U.S. cars and trucks, the source of 5 percent of world carbon emissions, have accounted for a whopping 20 percent of this year’s global dip in carbon pollution, according to comprehensive emissions data compiled by Carbon Monitor and recalculated by me for the Carbon Tax Center.
During the first three quarters of 2020, a period that roughly coincides with lockdowns and other restrictions from the COVID-19 pandemic, the world’s emissions of carbon dioxide from burning fossil fuels fell by more than 1.6 billion metric tons from the same period in 2019, a decline of 6.3 percent. Fully one-fifth of the decline, 320 million tons, was due to the nearly 25 percent drop in U.S. ground transport emissions. (A metric ton, roughly 1.1 short tons, is the standard metric for carbon emissions.)
Nearly half of the global CO2 decline — 787 million tons out of the overall 1,621-million-ton drop — was accounted for by reduced ground transport emissions, even though, pre-pandemic, car and truck traffic accounted for just 19 percent of total CO2. (Carbon Monitor’s other emission categories are power generation, industry, residential and aviation.)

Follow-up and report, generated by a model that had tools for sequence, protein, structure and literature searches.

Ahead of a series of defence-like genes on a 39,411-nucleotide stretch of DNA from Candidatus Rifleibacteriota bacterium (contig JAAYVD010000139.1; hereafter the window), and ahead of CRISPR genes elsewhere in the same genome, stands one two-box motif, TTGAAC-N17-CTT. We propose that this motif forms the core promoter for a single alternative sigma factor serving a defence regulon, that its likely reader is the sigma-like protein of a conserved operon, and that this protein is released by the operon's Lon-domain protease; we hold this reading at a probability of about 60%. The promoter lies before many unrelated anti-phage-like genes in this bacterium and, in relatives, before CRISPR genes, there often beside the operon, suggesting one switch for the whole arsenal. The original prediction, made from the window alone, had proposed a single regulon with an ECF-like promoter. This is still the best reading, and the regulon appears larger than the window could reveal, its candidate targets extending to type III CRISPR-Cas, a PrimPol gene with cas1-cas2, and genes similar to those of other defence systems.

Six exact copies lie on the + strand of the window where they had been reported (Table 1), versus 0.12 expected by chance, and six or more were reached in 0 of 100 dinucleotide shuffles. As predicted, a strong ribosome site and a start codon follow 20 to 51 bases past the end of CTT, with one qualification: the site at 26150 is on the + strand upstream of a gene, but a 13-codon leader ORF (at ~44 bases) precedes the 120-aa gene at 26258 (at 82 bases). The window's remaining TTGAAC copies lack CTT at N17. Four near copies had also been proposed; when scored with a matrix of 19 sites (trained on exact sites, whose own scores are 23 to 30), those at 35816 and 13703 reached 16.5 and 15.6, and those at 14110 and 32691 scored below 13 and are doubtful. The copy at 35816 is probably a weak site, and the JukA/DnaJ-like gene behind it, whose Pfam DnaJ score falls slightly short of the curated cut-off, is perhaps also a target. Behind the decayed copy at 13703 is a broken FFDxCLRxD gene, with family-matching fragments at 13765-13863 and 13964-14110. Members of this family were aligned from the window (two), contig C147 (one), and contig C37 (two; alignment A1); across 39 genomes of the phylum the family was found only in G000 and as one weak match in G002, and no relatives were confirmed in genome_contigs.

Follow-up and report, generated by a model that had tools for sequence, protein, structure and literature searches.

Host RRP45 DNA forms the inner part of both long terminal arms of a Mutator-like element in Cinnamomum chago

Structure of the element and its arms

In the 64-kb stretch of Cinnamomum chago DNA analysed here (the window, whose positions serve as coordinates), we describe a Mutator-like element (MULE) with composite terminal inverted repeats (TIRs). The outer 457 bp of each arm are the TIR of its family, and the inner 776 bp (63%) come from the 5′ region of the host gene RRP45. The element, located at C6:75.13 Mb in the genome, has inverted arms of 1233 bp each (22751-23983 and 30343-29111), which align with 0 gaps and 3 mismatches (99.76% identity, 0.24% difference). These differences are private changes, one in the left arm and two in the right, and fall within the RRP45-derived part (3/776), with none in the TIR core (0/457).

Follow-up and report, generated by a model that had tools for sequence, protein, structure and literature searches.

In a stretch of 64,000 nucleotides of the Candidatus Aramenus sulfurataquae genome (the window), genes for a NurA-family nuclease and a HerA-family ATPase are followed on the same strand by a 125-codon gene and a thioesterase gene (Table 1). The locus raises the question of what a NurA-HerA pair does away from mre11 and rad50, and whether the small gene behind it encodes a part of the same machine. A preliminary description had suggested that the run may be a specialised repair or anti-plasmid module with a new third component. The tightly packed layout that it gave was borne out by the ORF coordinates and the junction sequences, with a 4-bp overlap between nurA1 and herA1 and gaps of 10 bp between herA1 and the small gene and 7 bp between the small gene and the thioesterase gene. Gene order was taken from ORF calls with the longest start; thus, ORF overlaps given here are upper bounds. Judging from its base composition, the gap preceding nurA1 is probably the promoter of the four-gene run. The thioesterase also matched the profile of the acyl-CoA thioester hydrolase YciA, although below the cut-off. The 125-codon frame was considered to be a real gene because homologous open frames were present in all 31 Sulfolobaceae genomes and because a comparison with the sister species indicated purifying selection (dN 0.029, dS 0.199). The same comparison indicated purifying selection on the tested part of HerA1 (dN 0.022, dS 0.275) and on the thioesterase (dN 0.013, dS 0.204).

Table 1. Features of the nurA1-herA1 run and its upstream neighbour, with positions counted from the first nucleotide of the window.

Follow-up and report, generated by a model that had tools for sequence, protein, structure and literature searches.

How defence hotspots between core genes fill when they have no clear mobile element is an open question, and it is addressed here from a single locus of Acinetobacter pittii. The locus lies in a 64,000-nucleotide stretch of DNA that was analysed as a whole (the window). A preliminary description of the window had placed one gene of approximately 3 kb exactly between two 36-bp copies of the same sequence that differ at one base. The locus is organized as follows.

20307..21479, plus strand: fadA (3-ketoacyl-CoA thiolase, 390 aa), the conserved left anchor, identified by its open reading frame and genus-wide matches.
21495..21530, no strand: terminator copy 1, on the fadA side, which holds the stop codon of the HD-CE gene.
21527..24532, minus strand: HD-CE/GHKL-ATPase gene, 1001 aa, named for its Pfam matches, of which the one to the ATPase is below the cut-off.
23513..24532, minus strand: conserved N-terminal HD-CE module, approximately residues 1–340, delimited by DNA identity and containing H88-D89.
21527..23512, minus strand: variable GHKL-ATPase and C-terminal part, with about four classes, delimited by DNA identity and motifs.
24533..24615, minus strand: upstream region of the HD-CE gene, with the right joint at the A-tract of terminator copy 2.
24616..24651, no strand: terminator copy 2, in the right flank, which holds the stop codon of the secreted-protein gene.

With truck use probably little affected by the pandemic, as indicated by the mere 3 percent drop in world carbon emissions from industry (8 percent in the U.S.), the decline in ground transport emissions presumably is attributable to decreased use of passenger vehicles. The sheer size of the U.S. emissions drop, 24.5 percent, suggests that not just work commuting but the much larger discretionary or recreational driving sector — day-tripping, shopping, vacations, social and sports events, etc. — has taken huge hits.
Europe, denoted here as EU-27 & UK, presents an interesting comparison with the United States. Ground transport emissions fell less sharply in Europe than in the U.S., yet other emitting sectors contracted more in Europe than here. This too points to ample “slack” in U.S. auto use that could be reduced through policies aimed at cutting car-dependence.
In both absolute and percentage terms, the total U.S. year-on-year January-September decline — 514 million metric tons and 13.1 percent — outpaced the world’s other major emitting nations and regions. Close behind the United States in percentage terms of decline were Brazil, with a 12.9-percent drop from 2019 to 2020, and India with 11.7 percent. But because U.S. emissions are so large in absolute terms, the tonnage drop here dwarfed that of India (225 million tons) and Brazil (44 million tons).